Movement Magazine

WASHED OUT AT MAVERICK’S

by Brennan Wise Hamill

Back in 2009, I was a DJ for an Indie Night and an avid subscriber to BIRP! For those uninitiated, BIRP (Blaylock’s Indie Rock Playlist) was a downloadable (possibly illegally) monthly compilation of tracks from all over the world. While the featured artists varied in genre and notoriety, the playlist was always well-curated and the secret weapon of many DJs. It was in November of 2009, by way of BIRP, that I first heard Washed Out.

At that time, “Chillwave,” as it would come to be more widely known, was little more than a passing trend in the minds of many. The phrase was getting passed around in music circles to brand the influx of nostalgia-inducing bands that blended vintage synths, reverb-laden-shoegaze-esque vocals and lazy beats to create the lush, dreamy pop that had taken over dance floors that year.

There were many bands that fell into the sub-genre and many of them haven’t been heard from since. But even in the rising tide of reverb-rinsed-repeated artists, Washed Out immediately appealed to me with a particular brand of pastiche that spoke directly to my inner child. As a product of the 80s, I was caught reminiscing the soundtracks of my childhood, like Saturday morning cartoons and ice cream trucks, by way of infectious melodies and toe-tapping beats that would stick with me for hours. Despite my affinity for Washed Out, had you asked me then, I’d have guessed that Chillwave, like most of the micro-genres of the previous years, would fizzle out. Little did I know, 8 years later, Washed Out would be one of my most anticipated shows of 2017.

Washed Out announced a new album, Mister Mellow (released June 30th on Stones Throw Records) earlier this spring. In support of the album, they also announced a national tour. That tour brought them to Maverick’s at the Jacksonville Landing on July 14th. While the juxtaposition of Washed Out, a hip, indie act playing at our local country western bar might seem odd, it did little to deter the energy in the room.

When I arrived, local pop mavens Tom Boi were just beginning their opening set. The crowd was already packed tight in front of the stage as their first beat crunched in the P.A. system. The swell of swaying and dancing bodies held throughout their set. As opening acts go, Jacksonville couldn’t have done better.

 

The touring support act was DEGA, a husband and wife electro-pop duo, hailing from Washed Out’s own hometown of Athens, GA. Heather Mitchell Nash, who for years has recorded and performed as Aslyn, and husband, Kalen Nash, formerly of Ponderosa, formed DEGA in 2013. Little of their music is available online however, the glam-jammed production, complete with digi-timpani rolls and synth-string hot-licks will be a sure groove for any electro-pop fan.

Washed Out was up next. Washed Out is actually Ernest Greene of Athens, GA. Born in 1982, almost a year to the day after myself, I imagine Greene grew up on the same diet of 80s music and movies that I did. It’s not hard to understand why his music stuck with me. Due to disappointing job prospects after college, he moved back in with his parents and started making music in his bedroom. As a one-man-band, on previous tours, his stage set up consisted of only a laptop and mic. While this remains the de facto standard among electronic artists, for this tour, Greene brought on two additional musicians.  As the trio took their positions; a percussionist behind his drum set and MIDI percussion pads and a multi-instrumentalist surrounded by guitars and synths, Greene headed to center stage behind a mic and MIDI controller.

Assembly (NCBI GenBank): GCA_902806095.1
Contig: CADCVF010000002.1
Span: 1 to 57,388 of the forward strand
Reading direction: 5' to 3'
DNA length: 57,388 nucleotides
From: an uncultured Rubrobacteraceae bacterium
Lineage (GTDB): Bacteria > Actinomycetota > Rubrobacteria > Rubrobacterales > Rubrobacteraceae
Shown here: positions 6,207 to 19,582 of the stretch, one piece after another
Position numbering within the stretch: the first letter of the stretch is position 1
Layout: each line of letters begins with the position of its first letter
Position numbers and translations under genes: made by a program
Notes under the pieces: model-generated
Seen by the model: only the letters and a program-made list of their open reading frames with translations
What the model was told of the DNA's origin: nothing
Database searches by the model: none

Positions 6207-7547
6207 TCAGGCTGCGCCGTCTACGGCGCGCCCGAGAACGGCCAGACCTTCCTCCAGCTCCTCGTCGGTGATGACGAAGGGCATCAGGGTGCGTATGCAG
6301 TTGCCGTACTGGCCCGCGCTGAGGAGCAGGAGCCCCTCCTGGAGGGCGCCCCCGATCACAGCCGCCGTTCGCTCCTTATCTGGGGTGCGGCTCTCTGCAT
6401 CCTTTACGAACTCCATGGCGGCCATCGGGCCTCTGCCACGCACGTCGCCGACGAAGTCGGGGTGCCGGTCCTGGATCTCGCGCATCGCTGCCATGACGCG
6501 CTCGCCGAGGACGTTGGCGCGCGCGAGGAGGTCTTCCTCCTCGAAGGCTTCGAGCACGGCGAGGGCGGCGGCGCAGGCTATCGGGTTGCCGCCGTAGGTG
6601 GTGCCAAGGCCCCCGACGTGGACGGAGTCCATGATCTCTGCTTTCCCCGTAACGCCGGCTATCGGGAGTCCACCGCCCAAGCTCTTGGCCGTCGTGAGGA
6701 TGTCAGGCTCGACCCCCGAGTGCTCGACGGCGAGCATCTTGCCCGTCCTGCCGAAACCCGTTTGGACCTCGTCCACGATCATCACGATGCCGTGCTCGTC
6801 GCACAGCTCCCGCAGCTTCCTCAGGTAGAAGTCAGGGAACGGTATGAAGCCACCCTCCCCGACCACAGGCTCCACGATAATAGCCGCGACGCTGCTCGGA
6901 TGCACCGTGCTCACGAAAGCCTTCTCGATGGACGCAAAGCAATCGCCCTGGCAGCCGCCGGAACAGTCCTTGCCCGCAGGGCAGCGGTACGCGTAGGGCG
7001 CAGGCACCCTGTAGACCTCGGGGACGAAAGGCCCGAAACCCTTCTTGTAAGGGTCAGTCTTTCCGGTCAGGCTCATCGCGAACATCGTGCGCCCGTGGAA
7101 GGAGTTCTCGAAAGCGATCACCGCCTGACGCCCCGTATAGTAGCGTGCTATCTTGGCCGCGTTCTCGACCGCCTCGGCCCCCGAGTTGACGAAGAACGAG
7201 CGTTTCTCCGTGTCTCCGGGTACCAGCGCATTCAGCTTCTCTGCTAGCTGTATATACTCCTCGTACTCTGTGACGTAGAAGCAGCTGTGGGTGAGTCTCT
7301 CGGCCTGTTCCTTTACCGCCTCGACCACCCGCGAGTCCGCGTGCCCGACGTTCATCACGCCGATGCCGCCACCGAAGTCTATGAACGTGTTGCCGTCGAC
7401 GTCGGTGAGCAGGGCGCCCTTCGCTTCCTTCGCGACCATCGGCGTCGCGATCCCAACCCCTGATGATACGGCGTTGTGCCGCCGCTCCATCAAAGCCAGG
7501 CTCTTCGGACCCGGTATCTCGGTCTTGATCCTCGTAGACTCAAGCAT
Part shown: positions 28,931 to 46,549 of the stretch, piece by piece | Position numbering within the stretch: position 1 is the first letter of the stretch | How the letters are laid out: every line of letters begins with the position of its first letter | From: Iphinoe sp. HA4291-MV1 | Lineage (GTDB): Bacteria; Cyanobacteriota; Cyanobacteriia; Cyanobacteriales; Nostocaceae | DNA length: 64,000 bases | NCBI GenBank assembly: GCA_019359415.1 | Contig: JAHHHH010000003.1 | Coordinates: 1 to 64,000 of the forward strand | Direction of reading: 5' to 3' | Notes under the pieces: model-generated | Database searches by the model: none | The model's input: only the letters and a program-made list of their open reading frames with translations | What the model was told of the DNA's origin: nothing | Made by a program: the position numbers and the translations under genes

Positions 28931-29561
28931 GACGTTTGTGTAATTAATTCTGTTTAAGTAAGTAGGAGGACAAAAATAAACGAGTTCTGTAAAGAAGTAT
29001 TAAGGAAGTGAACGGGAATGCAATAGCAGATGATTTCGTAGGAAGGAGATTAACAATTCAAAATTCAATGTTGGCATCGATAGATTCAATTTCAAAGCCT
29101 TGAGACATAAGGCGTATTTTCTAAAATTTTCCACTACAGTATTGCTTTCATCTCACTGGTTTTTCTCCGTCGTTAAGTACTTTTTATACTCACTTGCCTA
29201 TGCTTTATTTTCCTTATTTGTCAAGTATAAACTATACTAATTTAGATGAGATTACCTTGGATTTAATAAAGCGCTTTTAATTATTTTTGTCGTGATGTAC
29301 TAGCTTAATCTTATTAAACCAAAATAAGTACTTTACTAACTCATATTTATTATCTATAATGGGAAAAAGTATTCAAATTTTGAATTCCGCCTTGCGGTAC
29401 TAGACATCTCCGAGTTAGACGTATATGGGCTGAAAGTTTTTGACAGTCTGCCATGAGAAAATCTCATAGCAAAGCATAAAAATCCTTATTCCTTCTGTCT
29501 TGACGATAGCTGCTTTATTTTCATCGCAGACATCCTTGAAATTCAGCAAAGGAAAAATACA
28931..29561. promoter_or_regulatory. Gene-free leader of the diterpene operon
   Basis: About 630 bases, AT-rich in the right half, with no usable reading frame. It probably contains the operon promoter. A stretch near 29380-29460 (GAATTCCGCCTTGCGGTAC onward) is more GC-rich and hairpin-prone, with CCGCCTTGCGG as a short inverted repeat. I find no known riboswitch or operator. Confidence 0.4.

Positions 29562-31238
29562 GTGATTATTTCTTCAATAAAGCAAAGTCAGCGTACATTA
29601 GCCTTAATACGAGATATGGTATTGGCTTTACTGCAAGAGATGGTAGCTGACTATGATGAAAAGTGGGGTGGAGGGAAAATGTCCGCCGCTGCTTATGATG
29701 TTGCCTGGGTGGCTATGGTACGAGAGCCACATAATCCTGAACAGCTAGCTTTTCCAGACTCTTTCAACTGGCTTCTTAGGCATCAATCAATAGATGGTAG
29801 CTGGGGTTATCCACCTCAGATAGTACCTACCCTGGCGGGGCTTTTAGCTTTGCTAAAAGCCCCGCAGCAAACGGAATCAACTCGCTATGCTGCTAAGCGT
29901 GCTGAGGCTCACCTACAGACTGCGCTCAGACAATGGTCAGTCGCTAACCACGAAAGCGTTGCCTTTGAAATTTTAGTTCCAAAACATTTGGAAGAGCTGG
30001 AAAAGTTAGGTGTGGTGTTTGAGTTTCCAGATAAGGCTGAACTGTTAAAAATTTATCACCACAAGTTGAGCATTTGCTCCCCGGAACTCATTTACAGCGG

While a “band” is largely irrelevant to electronic music as computers and pre-recorded tracks can do most of the work without human help, the live show was markedly improved by the ensemble approach. Not only did the other musicians bring energy to the stage, the sound was more dynamic. The acoustic drums blended with the compressed, semi-distorted drum samples to create a more vibrant percussive sound and the addition of stringed instruments to the synth-orchestral foundation of the songs added an organic quality. And it allowed for uniforms – each member wearing all white – which was notably kitsch but of the perfect amount.

 

As the first synth tones wavered over the crowded room, the huge video screen behind the band ignited with blazing day-glo video loops that all but silhouetted the band and illuminated the ocean of faces in the crowd.  Each song in the set was accompanied by it’s own video, some only oscillating geographic patterns while others were pop-culture collages choreographed to each song and evoking early MTV ident bumpers.

Over the hour or so that they played, Washed Out brought the crowd a sampler of everything they have to offer. More ambient tracks like “Burn Out Blues,” off the new record Mister Mellow, were followed by dance-floor anthems like “New Theory” off 2009’s Life Of Leisure EP (and BIRP! Nov 2009) and smooth-grooves like “It All Feels Right” off 2013’s Paracosm. While the band swayed behind their gear to the shimmery tones and head-bobbing beats, the audience did the same. The crowd favorite by far was “Feel It All Around,” also off the Life of Leisure EP, and most noteworthy for it’s use as the opening credit song on IFC Original’s Portlandia.

In the years since I heard that first track, Washed Out has released 3 full-length albums, 3 EPs and a handful of singles – a discography that has contributed to film and television soundtracks, DJ set lists and feel-good playlist the world over. While not particularly prolific, Greene’s influence on electro-pop music is without doubt. It was my first time seeing Washed Out live and the show exceeded all my expectations. I highly recommend checking them out. Washed Out is on tour for the rest of summer 2017.

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